Next, on another day, try with more wind, with things happening faster, with crew, and with rolling the boat much more.  And go back and review roll tacking videos on the internet and advice from others.

Finally worth mentioning, a problem with this light of wind was that it would stop completely and then come back in from a random direction.  I had problems getting downwind to practice tacking because I would run down wind, then have the wind come in from a new direction so that I wasn’t downwind anymore!

Time on the water

I got in another hour on a Sonar today.  More importantly, so did Kathryn who steered for most of our sail.  I just wanted a little time on the water between sailing last Sunday and (hopefully) racing tomorrow.  Kathryn was interested more specifically in Sonar practice.  Wind was 10 gusting to 20kts under red flag, dock staff asked us to reef and that was fine with both of us.  That’s a pretty easy and comfortable wind strength with the reef in.  Unfortunately though, the wind direction and temperature were not.  The winds would shift 45, then 90, then 180 degrees on us, and while it had been sunny and 60F earlier in the day, by 6pm when we got on the water the temp had fallen to 50, the sky was heavy, and there was a chilly mist in the air.

One nice thing about clouds though, people stay away and you practically have the river to yourself.

One focus for the day was mooring practice.  Leaving the mooring I know some people like to wait for some “right time” to cast off.  If I have the tiller I usually don’t care and just just have my crew cast off whenever and I just deal with whatever the boat is doing at the time.  I went up on the bow and called back to Kathryn, “do you want to wait for the boat to swing around or can I just throw the rope in the water?”  Hesitation, so I waited.  In this case, like I described above, the wind was really swirling and making the boat swing on the mooring — and we were on a mooring by the island — and at moment the boat was pointed at the island.  I waited.  The boat had kind of sailed up over the mooring was was taking a minute to drift back down.  When the mooring line finally went taught again the boat swung the other way to point away from the island.  I have to admit, that was a much easier departure than it would have been the minute before.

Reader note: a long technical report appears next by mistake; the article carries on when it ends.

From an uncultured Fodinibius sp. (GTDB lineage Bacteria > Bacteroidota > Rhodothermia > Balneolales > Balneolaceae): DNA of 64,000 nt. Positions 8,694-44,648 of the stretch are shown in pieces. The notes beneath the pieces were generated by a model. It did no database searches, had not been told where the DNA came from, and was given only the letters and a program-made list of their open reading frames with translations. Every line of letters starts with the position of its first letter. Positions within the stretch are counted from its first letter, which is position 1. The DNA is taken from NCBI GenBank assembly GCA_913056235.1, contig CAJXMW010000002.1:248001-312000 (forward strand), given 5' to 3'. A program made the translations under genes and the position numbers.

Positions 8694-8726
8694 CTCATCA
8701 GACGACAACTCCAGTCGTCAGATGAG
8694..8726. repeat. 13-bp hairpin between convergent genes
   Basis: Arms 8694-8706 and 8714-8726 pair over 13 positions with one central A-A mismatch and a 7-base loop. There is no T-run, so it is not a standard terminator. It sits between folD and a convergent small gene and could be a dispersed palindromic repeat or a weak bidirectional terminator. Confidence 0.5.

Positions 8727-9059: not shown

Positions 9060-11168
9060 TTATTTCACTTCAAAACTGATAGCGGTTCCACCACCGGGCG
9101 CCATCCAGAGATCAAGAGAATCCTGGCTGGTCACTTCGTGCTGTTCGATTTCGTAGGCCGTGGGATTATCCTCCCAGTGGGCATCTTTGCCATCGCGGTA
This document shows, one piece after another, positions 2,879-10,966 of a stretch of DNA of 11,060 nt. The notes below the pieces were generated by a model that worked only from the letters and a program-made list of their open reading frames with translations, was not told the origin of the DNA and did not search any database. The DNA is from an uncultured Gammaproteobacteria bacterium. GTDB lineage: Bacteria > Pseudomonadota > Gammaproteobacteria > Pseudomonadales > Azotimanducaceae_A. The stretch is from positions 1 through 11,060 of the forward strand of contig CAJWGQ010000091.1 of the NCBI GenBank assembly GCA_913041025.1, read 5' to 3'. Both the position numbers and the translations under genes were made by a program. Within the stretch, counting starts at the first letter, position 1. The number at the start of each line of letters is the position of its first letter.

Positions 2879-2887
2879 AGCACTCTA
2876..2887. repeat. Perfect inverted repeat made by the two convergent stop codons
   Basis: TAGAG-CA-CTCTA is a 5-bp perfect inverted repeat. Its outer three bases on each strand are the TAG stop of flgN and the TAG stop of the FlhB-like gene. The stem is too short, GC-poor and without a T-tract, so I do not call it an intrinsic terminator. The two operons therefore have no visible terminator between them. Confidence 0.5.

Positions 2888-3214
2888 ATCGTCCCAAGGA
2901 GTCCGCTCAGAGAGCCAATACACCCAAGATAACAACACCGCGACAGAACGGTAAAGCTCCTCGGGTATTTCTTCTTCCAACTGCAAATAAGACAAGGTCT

On the basin, we practiced some mooring approaches on the green nav buoy.  Kathryn was asking me advice on slowing down, much as I had been asking Niko advice on slowing down another day.  I told her what she already knew, just as Niko had told me what I already knew.  The problem is that without practice, the all the possibilities like luffing sails, turning the boat, furling sails, and backing sails don’t come as second nature, even if you know it, even if you’ve done it in the past.  Practice helps, talking about it helps.  When we brought the boat in for the night, we still had a little bit of speed at the mooring.  Having just talked about it, I pushed the boom forward to back the sail,  the boat stopped, and we were on the mooring for the night.

A small lesson rigging the boat was that it’s just as easy to pull the outhaul too tight on a Sonar as it is on a Mercury.  Reefed, the outhaul is the the reefing line, but when we got on the water I saw that again I had the sail too flat.  The Sonar is so well behaved that it wasn’t hard to sail or tack like the Merc was, but still I knew from my recent experience it would do much better with the outhaul loosened a little.  Nicely though, this is perfectly easy to do underway on the Sonar, unlike the Mercury.

We sailed, we talked and told stories, we tried to act like it was easy and effortless sailing.  But really we were pretty busy.  I had my camera around my neck and I kept thinking I would take some pictures, but always we seemed just a little bit too busy for me to pull out the camera.  I’ll take pics another day.